If the high-value parts of your product are particularly risky, it’s important to first to de-risk those areas and identify unknowns. This may require building a complete solution or may only require research or prototyping.

When you feel you have discovered most of the unknowns, prioritization becomes about focusing features that are high-value and have acceptable costs.

One other dimension to consider is that technical challenges may drive prioritization. One feature that is of high-value may require a low-value feature because it builds on top of the code. These trade-offs are important to consider and discuss with your tech team.


Just because you have identified a problem and a solution does not mean users will adopt your solution — the market might be full of similar solutions.

Identifying opportunities means analyzing your market and finding your place within the market. You must find your differentiator. Competitive analysis is an important part of identifying opportunities.


Analytics allow you to continue to build the right product after you have launched. Or, if you did not build the right product the first time, analytics can help you to adjust.

When setting up your analytics it is important to decide which are the right questions to ask of your data. The tooling should be driven by the business questions. Outputs should be actionable. It’s ideal to decide, before you add the analytics, what questions you have, what potential answers could be and how you would adjust the product depending on the answer.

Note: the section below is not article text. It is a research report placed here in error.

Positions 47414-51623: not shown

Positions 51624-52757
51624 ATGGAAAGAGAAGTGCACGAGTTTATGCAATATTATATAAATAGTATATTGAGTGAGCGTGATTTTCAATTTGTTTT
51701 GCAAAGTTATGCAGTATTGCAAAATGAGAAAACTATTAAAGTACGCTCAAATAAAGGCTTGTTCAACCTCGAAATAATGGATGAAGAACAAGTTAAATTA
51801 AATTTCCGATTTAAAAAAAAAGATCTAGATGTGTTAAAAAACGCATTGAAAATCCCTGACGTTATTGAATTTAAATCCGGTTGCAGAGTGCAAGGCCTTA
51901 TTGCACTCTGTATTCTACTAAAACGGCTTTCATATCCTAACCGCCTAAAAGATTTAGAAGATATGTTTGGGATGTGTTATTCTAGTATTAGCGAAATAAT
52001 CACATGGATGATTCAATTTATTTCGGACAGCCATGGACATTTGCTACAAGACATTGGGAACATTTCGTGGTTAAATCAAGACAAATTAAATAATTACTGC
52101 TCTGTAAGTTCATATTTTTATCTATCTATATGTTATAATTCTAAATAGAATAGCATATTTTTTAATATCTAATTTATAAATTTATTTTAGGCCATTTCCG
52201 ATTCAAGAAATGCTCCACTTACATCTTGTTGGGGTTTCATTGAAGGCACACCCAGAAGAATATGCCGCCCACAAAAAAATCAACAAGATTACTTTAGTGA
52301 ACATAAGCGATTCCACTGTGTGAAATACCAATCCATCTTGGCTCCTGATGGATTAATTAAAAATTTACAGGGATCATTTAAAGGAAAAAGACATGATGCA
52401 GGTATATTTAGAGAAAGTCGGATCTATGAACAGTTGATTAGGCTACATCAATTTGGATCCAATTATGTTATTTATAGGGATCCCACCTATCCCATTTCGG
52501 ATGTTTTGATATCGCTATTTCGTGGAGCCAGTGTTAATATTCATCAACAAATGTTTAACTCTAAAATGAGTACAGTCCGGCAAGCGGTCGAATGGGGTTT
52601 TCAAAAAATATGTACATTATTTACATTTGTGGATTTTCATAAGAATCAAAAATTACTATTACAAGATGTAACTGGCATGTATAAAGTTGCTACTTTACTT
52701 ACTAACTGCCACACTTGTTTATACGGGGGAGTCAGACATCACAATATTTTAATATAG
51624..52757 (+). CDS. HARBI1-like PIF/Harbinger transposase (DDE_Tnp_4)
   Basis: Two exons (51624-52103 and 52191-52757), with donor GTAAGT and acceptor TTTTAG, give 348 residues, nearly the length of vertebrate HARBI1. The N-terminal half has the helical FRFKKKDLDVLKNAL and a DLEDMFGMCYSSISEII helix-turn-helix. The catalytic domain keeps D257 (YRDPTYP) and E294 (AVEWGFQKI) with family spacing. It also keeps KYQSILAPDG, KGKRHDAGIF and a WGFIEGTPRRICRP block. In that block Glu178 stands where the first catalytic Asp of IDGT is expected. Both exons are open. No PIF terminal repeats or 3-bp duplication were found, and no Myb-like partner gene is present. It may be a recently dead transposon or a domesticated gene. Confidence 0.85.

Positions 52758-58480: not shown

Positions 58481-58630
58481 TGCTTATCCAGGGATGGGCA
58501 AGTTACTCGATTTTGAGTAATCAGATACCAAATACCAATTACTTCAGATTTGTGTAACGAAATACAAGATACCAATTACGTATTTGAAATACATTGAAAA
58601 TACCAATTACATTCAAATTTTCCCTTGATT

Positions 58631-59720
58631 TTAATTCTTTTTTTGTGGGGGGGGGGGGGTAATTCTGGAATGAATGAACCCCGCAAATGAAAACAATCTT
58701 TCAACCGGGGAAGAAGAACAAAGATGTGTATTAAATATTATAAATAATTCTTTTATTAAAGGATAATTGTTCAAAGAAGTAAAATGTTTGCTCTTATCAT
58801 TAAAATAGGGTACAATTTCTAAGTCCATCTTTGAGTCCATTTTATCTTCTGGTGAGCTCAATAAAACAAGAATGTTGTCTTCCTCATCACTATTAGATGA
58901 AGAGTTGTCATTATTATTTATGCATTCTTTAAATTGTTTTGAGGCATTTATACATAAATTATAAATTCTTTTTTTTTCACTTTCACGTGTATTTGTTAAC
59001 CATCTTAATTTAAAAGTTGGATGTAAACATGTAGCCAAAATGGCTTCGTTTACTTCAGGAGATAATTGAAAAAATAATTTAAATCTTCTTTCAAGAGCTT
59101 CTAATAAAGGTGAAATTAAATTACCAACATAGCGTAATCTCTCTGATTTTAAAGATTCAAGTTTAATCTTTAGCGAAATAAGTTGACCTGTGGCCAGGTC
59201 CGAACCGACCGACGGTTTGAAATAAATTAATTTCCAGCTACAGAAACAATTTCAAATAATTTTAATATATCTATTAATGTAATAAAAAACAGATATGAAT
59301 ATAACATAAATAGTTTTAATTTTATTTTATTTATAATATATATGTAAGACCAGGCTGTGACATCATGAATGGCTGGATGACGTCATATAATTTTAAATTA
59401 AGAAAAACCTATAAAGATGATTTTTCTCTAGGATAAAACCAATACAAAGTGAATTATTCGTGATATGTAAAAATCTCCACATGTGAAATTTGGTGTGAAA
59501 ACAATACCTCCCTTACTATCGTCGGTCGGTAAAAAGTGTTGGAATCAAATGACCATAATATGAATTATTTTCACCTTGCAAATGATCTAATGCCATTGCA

Are we building the product right?

If you’re only concerned with building the product right, you run the risk that the product only fulfills the plans of the developers and satisfies the conditions imposed at the start of each development sprint.

If you're a non-technical founder or Product Owner, this is often where a PM's experience becomes invaluable. To find that balance between the technical necessities and product goals, the PM is concerned with:


Each technology has a trade-off, everything from speed to ease of understanding. The agreed-upon solution for the business problem should drive the choice of technologies, and the trade-offs should be acceptable based on the business requirements.

Technologies include both the tools you use (i.e., which tech stack, where you're hosting it) and any third-party integrations you may need. Technologies should be thoroughly vetted (especially third-party tools) before they are chosen.


Application architecture is key to ensuring that once the software is built, it can adjust and scale to meet needs. It’s about executing today and planning for tomorrow at the same time.

Good architecture requires that PMs provide a well-defined roadmap and are involved in all of the trade-offs, including cost. The requirements always drive the architecture.

Architecture takes time and is an ongoing process. Do not rush it and be sure to re-visit it regularly.


Ensuring you have the right team in place, with the right skills, is essential to ensuring you can build the product right. This is an often overlooked part of the PM's job.